If you’re outside the UK, these rules are different. If you’re inside the UK and married to an EU Citizen, you’re in the same situation I was in.
The Home Office site has a note saying you don’t actually need a residence card as a family member.
But I cannot imagine an immigration officer happily allowing me in and out of the country on an American passport with only a marriage certificate to back up my claim that I’m allowed to stay more than six months.
That makes zero sense to me unless you never leave the island. While it might be a big island, it’s still an island and every form of travel from there requires a passport.
The Spouse Visa Is Not Your Only Option
If you’re a US Citizen married to an EU Citizen and coming to the UK to live, you do have options for your residency.
There are student visas and work visas in addition to the spouse visa. If you do obtain UK residency through marriage, you’ll be granted the right to work immediately.
Visa processing and waiting times all vary, and it’s easier to change some visas than it is others.
Costs vary and sponsors are involved with each type of visa – meaning if your circumstances change by way of graduating, losing your job, or getting divorced, you can lose your right to stay as well.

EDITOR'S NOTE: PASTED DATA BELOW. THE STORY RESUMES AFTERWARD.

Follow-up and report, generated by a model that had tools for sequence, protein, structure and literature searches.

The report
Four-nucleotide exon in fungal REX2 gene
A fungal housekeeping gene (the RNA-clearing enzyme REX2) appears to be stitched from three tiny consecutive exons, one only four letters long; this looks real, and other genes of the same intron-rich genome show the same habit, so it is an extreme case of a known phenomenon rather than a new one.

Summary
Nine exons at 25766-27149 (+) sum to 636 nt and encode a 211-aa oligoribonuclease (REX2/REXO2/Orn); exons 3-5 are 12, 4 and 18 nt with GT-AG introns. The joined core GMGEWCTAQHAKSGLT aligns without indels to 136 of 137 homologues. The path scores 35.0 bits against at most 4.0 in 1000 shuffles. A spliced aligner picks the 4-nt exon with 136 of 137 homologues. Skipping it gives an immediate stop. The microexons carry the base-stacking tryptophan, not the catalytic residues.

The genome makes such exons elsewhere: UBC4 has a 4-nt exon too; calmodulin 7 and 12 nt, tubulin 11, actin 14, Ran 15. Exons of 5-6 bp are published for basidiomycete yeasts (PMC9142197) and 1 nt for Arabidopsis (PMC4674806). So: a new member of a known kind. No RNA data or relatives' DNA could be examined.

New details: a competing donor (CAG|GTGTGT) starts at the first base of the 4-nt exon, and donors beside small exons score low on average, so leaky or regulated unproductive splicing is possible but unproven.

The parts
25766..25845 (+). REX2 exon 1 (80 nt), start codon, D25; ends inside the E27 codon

If you want to stay in the UK forever versus just studying or working for a few years, that will also determine your visa needs.
These are all questions you need to ask yourself before starting the UK residency process.
Personal Advice for a US Citizen to Get UK Residency Through Marriage
After we got married in Edinburgh, this was my experience as a US Citizen.
Every situation is unique and yours will undoubtedly raise more questions than I could possibly answer here.
But I found it very helpful to read other people’s experiences as I was researching what I needed to do, so I hope this helps.
I recommend you start working on your application form before the actual wedding. I know, you have other things on your mind.
But, trust me here, the last thing you want to do after a fun event like a wedding is sit down to fill out a 100-page legal document, plus round up all the supporting documentation you need, plus start on those thank-you notes.
Just. Seriously. Trust me.
That brings up the supporting documentation. When applying for your UK residency as the US Citizen spouse of an EU Citizen, you will have to submit your and your spouse’s passports.
The actual passports.
You will not receive these back until the application process is complete. That means you cannot leave the country at all for any reason.